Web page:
Fuller, R, Bates, H, Gormley, M, Hannigan, B, Stradling, Stephen G, Broughton, Paul, Kinnear, Neale A D and O'Dolan, Catriona (2006) Inappropriate high speed: who does it and why? Behavioural Research in Road Safety: Sixteenth Seminar. pp. 70-84.Full text not available from this repository.
Inappropriate high speeds are associated with increases in crash probability and severity, and we need to understand why they happen if we are to design workable
interventions. Thirty-six drivers participated in four focus groups: one of professional drivers, two of drivers on a speed awareness course, who had been previously convicted for speeding, and one of motorcyclists. The method used an
amalgam of qualitative approaches to thematic analysis. The principal aim was to elicit driver experiences and perceptions regarding speed choice and speeding behaviour. A second aim was to determine the extent to which the themes identified by participants could be explained using the concepts of the Task-Capability Interface (TCI) model, which was developed from its original instantiation as a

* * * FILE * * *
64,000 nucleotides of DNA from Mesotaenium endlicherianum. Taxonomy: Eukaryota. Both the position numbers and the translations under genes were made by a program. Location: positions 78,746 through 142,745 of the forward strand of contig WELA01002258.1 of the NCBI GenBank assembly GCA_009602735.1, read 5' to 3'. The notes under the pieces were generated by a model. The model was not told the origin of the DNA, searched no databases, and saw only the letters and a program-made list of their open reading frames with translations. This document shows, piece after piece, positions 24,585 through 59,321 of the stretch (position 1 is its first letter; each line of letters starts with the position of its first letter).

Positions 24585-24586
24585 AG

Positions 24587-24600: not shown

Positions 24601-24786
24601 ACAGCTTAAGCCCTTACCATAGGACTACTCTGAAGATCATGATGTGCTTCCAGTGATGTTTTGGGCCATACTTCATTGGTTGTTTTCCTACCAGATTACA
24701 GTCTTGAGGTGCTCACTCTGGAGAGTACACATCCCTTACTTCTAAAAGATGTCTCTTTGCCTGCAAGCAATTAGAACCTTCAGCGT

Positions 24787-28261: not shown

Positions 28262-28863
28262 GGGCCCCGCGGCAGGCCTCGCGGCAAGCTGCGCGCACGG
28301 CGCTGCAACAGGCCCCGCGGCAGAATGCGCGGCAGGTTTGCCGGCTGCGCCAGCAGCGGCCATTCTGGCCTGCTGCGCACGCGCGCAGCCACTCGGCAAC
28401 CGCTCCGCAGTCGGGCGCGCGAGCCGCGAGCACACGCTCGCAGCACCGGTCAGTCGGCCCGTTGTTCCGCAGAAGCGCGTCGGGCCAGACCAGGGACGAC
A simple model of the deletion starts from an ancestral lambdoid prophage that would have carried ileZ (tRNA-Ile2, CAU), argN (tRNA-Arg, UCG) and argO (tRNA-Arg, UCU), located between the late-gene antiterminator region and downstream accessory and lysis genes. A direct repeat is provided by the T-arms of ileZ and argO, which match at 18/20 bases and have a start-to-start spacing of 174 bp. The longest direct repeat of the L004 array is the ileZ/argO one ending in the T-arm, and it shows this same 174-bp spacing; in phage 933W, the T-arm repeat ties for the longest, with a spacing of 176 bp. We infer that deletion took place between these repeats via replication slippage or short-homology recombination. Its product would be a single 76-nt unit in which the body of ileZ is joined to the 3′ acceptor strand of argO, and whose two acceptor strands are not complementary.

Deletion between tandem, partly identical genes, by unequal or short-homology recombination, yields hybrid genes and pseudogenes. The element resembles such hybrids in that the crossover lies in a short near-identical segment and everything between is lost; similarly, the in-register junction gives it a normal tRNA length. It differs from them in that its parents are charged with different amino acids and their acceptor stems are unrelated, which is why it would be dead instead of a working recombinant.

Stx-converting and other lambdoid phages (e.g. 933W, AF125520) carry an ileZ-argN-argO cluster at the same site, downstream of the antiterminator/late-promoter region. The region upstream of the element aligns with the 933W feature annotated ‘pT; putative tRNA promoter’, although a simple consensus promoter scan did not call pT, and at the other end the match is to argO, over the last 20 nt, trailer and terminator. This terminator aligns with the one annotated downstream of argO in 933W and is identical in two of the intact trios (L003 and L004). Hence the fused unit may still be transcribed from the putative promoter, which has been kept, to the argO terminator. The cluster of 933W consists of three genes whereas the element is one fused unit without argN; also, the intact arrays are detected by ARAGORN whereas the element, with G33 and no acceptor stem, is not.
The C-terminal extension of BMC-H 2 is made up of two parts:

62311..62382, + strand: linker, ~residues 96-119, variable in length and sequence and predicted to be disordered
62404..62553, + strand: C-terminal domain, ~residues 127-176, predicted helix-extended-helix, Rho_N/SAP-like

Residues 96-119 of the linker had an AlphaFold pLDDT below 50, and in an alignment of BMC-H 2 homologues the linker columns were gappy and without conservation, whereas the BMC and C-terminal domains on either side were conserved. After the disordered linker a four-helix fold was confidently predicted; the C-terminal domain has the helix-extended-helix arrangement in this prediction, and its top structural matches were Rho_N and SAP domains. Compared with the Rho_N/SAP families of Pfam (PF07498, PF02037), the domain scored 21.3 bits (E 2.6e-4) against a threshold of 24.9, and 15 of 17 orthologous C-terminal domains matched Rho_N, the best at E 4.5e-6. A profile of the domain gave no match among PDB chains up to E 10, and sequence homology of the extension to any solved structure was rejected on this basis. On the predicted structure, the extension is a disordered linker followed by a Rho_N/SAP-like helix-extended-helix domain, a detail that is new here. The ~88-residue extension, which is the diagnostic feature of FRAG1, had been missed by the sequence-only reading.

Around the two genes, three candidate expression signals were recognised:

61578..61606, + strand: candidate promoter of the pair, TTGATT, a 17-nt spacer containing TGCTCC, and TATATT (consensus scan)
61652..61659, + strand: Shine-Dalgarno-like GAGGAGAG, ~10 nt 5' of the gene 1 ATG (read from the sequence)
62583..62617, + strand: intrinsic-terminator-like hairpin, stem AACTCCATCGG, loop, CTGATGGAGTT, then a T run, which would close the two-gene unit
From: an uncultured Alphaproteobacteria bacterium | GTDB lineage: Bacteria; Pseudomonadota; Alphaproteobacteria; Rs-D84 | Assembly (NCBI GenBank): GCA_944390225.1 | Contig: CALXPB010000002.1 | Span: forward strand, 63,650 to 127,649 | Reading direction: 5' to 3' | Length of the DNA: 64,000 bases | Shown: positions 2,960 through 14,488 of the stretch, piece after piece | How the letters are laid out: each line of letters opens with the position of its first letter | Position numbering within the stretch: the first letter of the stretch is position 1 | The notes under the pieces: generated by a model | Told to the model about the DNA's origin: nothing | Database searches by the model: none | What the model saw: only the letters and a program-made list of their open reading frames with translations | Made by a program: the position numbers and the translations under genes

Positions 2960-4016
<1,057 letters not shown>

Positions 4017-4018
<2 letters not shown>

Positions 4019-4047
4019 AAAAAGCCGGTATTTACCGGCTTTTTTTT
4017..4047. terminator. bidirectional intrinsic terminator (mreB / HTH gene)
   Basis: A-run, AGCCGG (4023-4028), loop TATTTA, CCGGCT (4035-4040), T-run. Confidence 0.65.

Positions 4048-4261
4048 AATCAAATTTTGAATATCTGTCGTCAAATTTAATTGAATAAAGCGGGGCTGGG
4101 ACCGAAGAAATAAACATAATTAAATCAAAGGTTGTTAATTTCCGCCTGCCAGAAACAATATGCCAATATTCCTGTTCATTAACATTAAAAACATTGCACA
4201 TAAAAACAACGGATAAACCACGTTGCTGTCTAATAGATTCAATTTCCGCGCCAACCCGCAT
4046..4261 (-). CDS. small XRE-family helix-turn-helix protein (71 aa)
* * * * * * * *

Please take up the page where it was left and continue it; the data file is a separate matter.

result of a review of the research literature on speed choice published in the period 1995 to 2006 (Fuller et al., 2008). A third and final aim was to examine the implications of the results for the content of speed-related media safety campaigns and the identification of potential target groups.
|Uncontrolled Keywords:||high speed; crash probablity; driver perception; driver experience; target groups; media campaign|
|University Divisions/Research Centres:||Edinburgh Napier University, Transport Research Institute|
|Dewey Decimal Subjects:||300 Social sciences > 380 Commerce, communications & transportation > 388 Transportation; ground transportation|
|Library of Congress Subjects:||H Social Sciences > HE Transportation and Communications|
|Depositing User:||Mrs Lyn Gibson|
|Date Deposited:||13 May 2009 11:43|
|Last Modified:||10 Oct 2014 16:04|
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